‘Miss Eleanor Vansittart… Sports Pavilion… same place where Miss Springer, the Games teacher… hmm…’
‘I can’t believe it!’ said Mrs Sutcliffe. ‘Meadowbank is such a good school.’
‘You must go there immediately and take Jennifer away,’ said her husband firmly.
‘Do you think that’s the right thing to do?’
‘Yes, I do,’ said Mr Sutcliffe. ‘Go and take Jennifer away from that school - you won’t be the only one.’
Adam was alone in the Sports Pavilion, looking carefully in all the lockers in case the police had missed something. Suddenly he heard footsteps, and he quickly stepped away from the lockers and lit a cigarette.
Julia Upjohn appeared in the doorway. She hesitated. ‘I just wanted to get my tennis racquet,’ she said.
‘I’m sure that’s all right, Miss,’ said Adam. ‘The police Sergeant left me here to keep an eye on things,’ he lied, ‘while he went back to the police station.’
‘In case the murderer comes back?’ asked Julia. ‘I heard that murderers always return to the scene of the crime.’
‘I don’t know,’ said Adam. He looked at the rows of tennis racquets. ‘Which one’s yours?’
‘It’s at the end,’ said Julia. ‘We have our names on them,’ she explained, pointing to the name labels. Adam handed Julia her racquet.
‘Can I have Jennifer Sutcliffe’s racquet, too?’ asked Julia.
‘This looks new,’ said Adam, as he handed it to her.
‘Yes,’ said Julia. ‘Her aunt sent it to her the other day. Jennifer’s very good at tennis.’
She looked round. ‘Do you think he will come back? The murderer?’
‘I don’t think so,’ said Adam. ‘It would be a big risk.’
‘Perhaps he left something behind - a clue.’ said Julia. ‘That would be interesting.’
She walked out holding the two racquets.
‘Julia, look!’ said Jennifer, as they were playing tennis. ‘There’s Mummy.’
The two girls turned to stare at Mrs Sutcliffe, who was walking quickly towards them, guided by Miss Rich.
‘More fuss, I suppose,’ said Jennifer gloomily.
‘You must pack your things at once, Jennifer,’ said her mother. ‘I’m taking you home.’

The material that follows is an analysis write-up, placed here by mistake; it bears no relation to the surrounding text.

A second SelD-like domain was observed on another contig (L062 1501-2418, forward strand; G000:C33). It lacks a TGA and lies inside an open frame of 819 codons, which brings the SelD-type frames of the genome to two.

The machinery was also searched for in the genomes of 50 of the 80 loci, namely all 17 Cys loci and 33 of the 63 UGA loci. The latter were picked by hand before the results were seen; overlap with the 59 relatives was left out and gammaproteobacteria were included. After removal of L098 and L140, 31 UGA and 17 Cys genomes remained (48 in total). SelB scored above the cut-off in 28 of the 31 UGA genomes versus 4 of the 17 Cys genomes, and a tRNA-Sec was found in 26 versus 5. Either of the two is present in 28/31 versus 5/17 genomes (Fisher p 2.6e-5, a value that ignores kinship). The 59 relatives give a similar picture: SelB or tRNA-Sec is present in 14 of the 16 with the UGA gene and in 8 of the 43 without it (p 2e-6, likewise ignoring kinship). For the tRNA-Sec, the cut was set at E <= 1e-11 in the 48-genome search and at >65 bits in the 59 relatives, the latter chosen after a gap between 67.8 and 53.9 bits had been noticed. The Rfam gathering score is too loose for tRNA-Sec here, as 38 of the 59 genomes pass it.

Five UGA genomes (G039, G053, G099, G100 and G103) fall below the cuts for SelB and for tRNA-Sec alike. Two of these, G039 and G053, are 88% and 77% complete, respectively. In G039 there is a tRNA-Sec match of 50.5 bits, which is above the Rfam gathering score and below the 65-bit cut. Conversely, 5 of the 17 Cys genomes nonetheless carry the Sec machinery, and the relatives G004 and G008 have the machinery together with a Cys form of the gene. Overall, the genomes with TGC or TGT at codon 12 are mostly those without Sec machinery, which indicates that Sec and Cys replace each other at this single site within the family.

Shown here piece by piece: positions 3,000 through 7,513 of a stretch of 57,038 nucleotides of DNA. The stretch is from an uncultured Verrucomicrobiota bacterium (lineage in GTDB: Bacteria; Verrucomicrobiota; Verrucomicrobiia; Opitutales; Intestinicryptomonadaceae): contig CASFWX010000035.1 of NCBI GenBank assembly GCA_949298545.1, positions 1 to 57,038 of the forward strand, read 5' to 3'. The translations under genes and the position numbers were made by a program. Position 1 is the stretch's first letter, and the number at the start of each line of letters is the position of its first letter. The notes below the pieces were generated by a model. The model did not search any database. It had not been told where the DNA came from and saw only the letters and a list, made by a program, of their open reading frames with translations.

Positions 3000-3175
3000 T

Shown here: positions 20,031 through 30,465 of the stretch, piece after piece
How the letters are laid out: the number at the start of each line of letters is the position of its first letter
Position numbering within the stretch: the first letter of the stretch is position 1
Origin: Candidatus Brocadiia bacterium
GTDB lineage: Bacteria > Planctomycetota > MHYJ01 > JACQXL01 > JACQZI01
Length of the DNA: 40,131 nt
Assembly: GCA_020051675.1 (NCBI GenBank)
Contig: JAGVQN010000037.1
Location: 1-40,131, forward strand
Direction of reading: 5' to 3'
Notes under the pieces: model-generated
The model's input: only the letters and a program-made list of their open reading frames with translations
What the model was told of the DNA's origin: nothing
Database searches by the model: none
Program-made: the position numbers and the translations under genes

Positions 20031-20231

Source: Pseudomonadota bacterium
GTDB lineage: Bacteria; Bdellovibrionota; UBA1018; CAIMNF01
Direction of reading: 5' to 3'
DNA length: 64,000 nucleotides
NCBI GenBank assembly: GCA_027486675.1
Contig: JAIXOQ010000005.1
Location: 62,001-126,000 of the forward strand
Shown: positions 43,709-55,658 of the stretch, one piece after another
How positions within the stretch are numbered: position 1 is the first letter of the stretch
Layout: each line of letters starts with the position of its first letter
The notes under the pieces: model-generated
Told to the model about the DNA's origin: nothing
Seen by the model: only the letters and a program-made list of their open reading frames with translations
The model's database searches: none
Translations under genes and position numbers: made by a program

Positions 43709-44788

‘But - do you mean forever?’
‘Yes, I do.’
‘But you can’t,’ said Jennifer. ‘My tennis is really improving. And I like it here.’
‘Don’t argue with me, Jennifer,’ said Mrs Sutcliffe. ‘Just do as you’re told.’
‘But, Mummy -‘ Mother and daughter went towards the house, still arguing.
Suddenly Jennifer ran back to the tennis court. ‘Goodbye, Julia. Mummy seems to be quite upset about these murders. I’m afraid I have to go. I’ll write to you.’
‘I’ll write to you, too, and tell you what happens.’
‘I hope they don’t kill Chaddy next. I’d prefer it to be Mademoiselle Blanche, wouldn’t you?’
‘Yes. I wouldn’t miss her very much,’ said Julia. ‘Did you see how angry Miss Rich looked?’
‘She hasn’t said anything,’ said Jennifer, ‘but she’s angry with Mummy for taking me away.’
‘Miss Rich is strange, isn’t she? I’ve never met anyone like her before.’
‘She reminds me of someone,’ said Jennifer.
‘I don’t think she’s like anybody else. She always seems to be quite unique.’
‘Oh yes. She is unique. I mean to look at. But the person I saw was quite fat.’
‘Jennifer!’ called Mrs Sutcliffe.
‘Parents can be very annoying,’ said Jennifer. ‘Fuss, fuss, fuss.’ She said goodbye to Julia and left with her mother.
Julia walked slowly towards the Sports Pavilion, lost in thought, as the school bell rang for lunch. Suddenly she stopped and frowned, staring down at the tennis racquet she was holding, and then walked back to the house. Running upstairs to her small bedroom, she looked around, quickly lifted up the mattress on her bed and put the racquet underneath it. Then she went downstairs for lunch.